In fact, it is a virtuous cycle as these vehicles and funds are judged by their ability to sell their investments and return the cash back to their investors. Relatively, this also means that they are becoming more dependent on unicorns as they turn into acquirers.
Go-Jek and Grab are reportedly aiming to raise US$6.5 billion collectively in their ongoing funding rounds. By comparison, this is almost three-quarters of the amount raised by 152 companies from IPOs in Southeast Asia that stands at US$9 billion according to Deloitte.
In any case, the most notable regional exits have all been acquisitions.
Take for instance, the sale of the Philippines’ payment company Coin.ph in January was a landmark deal as the startup was acquired by Go-Jek for over US$70 million. And this is just one of the eleven deals that the Indonesian ride-hailing unicorn has made in the last three years.
In fact, that statistics make for more than eight in ten startup exits are predicted to come in the form of acquisition as major buyers like Go-Jek and other unicorns are looking for acquisitions to speed up growth.
“We are seeing a lot of cases where unicorns are undertaking an inorganic growth strategy to fuel their growth runaway,” said Lints. “The acquisition could be complementary to their current product offering and market expansion plans. We believe the acquisition trend would continue as unicorns are looking for ways to grow their market.”
Besides, acquisitions have been one of the better options for companies to expand across Southeast Asia, a region where each country is vastly different in terms of needs, cultures, and regulations. Traveloka, an Indonesian travel tech unicorn has entered the Philippines and Vietnam through acquiring local peers.
At the same time, the increase of non-VC investments also bodes well for M&A activity in the region, as Chinese tech firms like Alibaba, Tencent, and JD have already made several large investments in the region.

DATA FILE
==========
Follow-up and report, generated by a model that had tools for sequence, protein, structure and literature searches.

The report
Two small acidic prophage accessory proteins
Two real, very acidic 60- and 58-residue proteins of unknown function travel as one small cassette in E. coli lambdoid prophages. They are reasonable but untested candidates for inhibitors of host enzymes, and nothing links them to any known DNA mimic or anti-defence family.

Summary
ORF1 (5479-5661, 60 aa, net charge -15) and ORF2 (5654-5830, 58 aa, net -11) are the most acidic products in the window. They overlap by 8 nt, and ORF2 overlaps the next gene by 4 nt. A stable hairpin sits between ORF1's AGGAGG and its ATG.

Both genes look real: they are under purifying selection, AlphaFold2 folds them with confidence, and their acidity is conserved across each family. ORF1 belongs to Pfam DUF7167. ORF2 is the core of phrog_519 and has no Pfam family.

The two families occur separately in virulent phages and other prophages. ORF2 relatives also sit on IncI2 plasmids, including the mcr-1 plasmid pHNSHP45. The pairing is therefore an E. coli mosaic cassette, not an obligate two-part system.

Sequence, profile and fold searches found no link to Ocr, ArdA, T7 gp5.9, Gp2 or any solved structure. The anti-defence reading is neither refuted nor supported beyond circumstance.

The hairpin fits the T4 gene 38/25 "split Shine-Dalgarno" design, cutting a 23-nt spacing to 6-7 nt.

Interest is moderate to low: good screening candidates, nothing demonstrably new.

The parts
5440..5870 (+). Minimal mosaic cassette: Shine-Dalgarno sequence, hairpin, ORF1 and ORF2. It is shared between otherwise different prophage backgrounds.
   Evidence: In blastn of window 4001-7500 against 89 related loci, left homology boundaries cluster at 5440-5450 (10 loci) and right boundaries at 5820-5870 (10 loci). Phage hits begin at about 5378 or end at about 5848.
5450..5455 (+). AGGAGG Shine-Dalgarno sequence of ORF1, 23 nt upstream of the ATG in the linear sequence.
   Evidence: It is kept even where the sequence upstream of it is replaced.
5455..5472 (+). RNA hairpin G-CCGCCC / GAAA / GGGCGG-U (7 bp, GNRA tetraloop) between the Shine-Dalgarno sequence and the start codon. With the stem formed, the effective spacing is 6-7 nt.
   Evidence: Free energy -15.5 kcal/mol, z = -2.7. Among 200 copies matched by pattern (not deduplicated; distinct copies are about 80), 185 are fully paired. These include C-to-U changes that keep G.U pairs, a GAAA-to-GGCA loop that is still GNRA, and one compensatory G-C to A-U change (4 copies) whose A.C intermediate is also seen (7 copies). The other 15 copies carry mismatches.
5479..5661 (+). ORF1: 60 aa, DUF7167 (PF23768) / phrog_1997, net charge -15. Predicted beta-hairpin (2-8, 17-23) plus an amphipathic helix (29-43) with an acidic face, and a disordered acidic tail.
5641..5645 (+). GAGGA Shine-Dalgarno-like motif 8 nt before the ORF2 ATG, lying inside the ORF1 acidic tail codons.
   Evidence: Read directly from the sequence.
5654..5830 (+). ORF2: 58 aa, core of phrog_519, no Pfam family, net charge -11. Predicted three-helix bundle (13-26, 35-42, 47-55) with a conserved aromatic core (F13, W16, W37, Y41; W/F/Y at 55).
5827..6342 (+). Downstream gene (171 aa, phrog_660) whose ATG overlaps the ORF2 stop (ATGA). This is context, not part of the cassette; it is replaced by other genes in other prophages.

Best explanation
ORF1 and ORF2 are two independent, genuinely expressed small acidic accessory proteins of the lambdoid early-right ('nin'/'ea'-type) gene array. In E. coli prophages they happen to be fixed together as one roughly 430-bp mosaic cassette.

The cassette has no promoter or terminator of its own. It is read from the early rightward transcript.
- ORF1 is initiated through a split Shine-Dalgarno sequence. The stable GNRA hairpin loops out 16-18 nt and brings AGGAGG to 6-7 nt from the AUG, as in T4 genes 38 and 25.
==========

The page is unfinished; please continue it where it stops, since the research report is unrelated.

And often, such investments are a prelude to future acquisitions, as they are an opportunity for the investor to follow the startup closely and learn more about its market dynamics for several years or months.
While IPO remains to be a challenging option, this shift from IPO to acquisition is in a way healthy for the Southeast Asia economies. As through acquisitions, Southeast Asia is gaining momentum as a thriving ecosystem with attractive opportunities.
Since China released its national guidelines to allow automated vehicles testing on designated streets with a driver present in the vehicle back in 2018, it seems like every other day there’s news regarding the latest advancements in self-driving technologies.
Here’s the latest: Pony.ai is entering into a partnership with Toyota to explore safe mobility services involving driverless technologies.
More specifically, the two companies will work together on a pilot program to accelerate the development and deployment of these autonomous vehicles.
Looking at this alliance that involves the Chinese autonomous unicorn with the Japanese auto giant that makes over 10 million in annual vehicle sales worldwide, unquestionably it will boost their position in the race to bring driverless cars to the masses.
“Autonomous driving technology is the key to creating a better transportation system that will deliver value to the lives of many,” the companies stated in a press release. “Through such collaborations, Toyota and Pony.ai are accelerating the arrival of a safer, more efficient and more enjoyable mobility future for all.”